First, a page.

Opera Consonance's D-Linear 7 and D-Linear 8 are two types of digital components that I have never had the pleasure of auditioning in my system. They are also two types of digital components that I never even knew existed. I suppose if I was asked whether a Chinese audio firm manufactured anything like these two components I would surely have answered in the affirmative, for these days it seems as if anything is possible. Although, if asked whether anyone would want such a component, my answer to such a question would surely be less definitive. But after only a short time I started thinking: "I may have not ever desired them, but now that they're here, thank you very much".
OK, I'm not the most advanced of computer-audiophiles on the planet, but I'm far from clueless. I have a few terabytes of FLAC files on outboard hard-drives, and I've been listening to these files through USB digital-to-analog converters for quite some time now. Of course there are other computer audiophiles that are way ahead of me and been performing tasks such as pumping music wirelessly throughout their entire homes for even a longer period of time. But my excuses have always have been, at least as far as I was concerned, quite rational (but read on before you write me off too quickly). And I strongly suggest reading this entire review to discover all that these units have to offer other than the simple act of decoding digital signals.
My main system has the host computer in the same room (I prefer "listening room" rather than "man cave". Whatever). This system is the larger of the two that includes the rather large Sound Lab DynaStat electrostatic/hybrid speakers aided by a Velodyne subwoofer. FLAC files are played on Foobar 2000 or MediaMonkey running on a 3.20 GHz Dell PC with 8G RAM running Windows 7. The visiting Opera gear's AC was routed through Virtual Dynamics power cords which were connected to a PS Audio Power Plant AC regenerator, which in turn connected to one of the two listening room's dedicated power lines. The second system is an all tube based system with Dynaudio stand-mounted speakers. While they took up residence in this system both the D-Linear 7 and 8's AC cords were connected to a Panamax power conditioner. Before the Opera gear arrived, the only "high-quality" audio source in this system located two floors away from the server has been disc-based digital and the occasional use of an iPod or a classic AR FM tuner.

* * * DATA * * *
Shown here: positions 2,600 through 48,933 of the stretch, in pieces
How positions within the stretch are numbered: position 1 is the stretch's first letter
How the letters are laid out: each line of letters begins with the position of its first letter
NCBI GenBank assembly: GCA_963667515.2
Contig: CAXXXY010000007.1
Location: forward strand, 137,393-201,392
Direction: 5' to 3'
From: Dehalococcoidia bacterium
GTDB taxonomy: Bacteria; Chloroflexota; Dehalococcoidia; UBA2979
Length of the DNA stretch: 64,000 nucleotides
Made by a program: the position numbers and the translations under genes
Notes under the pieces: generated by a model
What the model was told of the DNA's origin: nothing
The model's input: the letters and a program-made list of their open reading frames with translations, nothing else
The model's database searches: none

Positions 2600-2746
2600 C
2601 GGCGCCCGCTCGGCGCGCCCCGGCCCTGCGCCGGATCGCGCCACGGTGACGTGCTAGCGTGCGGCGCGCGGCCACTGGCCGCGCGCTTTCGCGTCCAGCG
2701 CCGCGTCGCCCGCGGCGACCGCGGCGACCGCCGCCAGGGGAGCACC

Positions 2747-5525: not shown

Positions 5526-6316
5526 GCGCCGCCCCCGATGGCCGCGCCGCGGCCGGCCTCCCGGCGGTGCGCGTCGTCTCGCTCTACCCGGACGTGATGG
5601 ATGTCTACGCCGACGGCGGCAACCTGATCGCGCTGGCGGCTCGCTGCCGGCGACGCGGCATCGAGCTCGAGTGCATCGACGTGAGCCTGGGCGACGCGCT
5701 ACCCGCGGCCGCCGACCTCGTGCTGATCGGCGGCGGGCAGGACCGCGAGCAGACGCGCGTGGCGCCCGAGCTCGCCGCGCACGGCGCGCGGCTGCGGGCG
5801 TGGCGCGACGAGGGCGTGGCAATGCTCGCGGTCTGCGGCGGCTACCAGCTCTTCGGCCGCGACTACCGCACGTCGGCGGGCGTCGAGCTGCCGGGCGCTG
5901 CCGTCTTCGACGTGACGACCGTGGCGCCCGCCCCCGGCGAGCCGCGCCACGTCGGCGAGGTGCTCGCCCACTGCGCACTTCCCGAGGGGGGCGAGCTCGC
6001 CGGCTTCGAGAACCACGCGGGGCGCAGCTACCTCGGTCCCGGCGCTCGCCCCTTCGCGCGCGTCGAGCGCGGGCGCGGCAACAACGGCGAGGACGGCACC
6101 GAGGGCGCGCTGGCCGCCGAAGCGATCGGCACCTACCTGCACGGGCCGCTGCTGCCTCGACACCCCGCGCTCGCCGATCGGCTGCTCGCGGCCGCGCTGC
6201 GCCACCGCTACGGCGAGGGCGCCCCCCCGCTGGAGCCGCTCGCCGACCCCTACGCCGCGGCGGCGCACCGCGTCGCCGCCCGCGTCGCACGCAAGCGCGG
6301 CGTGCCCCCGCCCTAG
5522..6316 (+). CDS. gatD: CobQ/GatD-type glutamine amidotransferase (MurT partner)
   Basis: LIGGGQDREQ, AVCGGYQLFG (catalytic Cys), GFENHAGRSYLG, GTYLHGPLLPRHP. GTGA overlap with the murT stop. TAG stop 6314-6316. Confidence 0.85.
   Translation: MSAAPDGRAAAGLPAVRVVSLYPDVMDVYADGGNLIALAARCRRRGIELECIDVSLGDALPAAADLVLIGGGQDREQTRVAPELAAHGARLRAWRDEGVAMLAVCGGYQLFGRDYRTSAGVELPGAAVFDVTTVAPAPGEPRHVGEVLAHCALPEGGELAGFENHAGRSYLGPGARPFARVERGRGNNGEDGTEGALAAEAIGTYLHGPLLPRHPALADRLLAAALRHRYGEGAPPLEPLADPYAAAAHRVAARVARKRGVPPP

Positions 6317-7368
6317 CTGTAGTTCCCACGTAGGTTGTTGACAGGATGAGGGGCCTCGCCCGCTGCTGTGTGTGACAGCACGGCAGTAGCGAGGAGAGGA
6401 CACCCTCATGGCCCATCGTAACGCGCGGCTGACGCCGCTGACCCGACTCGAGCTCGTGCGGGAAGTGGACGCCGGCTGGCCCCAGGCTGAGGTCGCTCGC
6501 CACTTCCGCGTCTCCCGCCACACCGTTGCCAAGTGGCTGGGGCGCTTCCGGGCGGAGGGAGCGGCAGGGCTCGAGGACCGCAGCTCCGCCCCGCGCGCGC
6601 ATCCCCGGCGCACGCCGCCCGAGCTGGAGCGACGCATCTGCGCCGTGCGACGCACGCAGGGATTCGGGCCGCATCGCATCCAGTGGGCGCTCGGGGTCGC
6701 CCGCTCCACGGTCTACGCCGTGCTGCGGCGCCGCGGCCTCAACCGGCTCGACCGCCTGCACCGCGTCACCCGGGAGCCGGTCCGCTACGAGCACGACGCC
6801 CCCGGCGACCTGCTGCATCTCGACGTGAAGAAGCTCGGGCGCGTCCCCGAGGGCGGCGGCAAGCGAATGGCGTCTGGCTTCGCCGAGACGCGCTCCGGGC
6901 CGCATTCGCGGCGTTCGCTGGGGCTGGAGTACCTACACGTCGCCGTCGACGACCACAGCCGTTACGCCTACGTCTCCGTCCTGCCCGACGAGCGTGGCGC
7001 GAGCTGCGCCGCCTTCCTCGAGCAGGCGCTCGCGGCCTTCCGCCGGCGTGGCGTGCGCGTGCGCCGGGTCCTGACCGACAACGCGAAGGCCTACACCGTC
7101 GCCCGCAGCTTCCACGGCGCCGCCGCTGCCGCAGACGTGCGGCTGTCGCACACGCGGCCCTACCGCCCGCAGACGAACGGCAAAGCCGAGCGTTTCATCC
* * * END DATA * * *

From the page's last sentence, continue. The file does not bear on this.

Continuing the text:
On the rear panel of the D-Linear 7 are two USB inputs, one labeled "USB Device", which is for a physical connection of a hard drive, the other, "USB Host" is for a portable flash drive. To the right of those inputs is the Ethernet connection labeled "LAN". There are two digital outputs, a AES/EBU which is an XLR-type connection, and an RCA coax. The stereo analog outputs are gold-plated unbalanced RCA jacks. The power switch, fuse, and IEC AC output jack for its removable power cord are nearest to the top of the cabinet on the right side. The clean and almost spare modern-looking front panel of the D-Linear 7 has only the LCD touch-screen, and for convenience an input labeled "USB Host" for a flash drive connection. The four-inch high, nine-inch wide, and twelve-and-a-half-inch deep cabinet is lifted almost 0.75-inch off the shelf by its four composite cone-shaped feet.
Where to start? Although I ended up spending quite some time listening to files from a hard drive attached to the USB Device input and from a shared hard-drive through the network, I was most interested at first in using the D-Linear 7 as a stand-alone Internet radio. It worked just as well using a hard wired Ethernet connection when in the main system as when receiving a WiFi signal in the second system two floors away from the wireless router. But more on that in a bit. Of course more useful in assessing its sound quality was when I used a hard drive connected to the D-Linear 7 to decode FLAC files. When playing files the screen had the same layout as when playing the Internet radio – track name, number, elapsed time, sample rate, volume, and the expected CD player-type functions were listed. Using the D-Linear 7 to play files was intuitively simple. All of its functions are duplicated on its remote.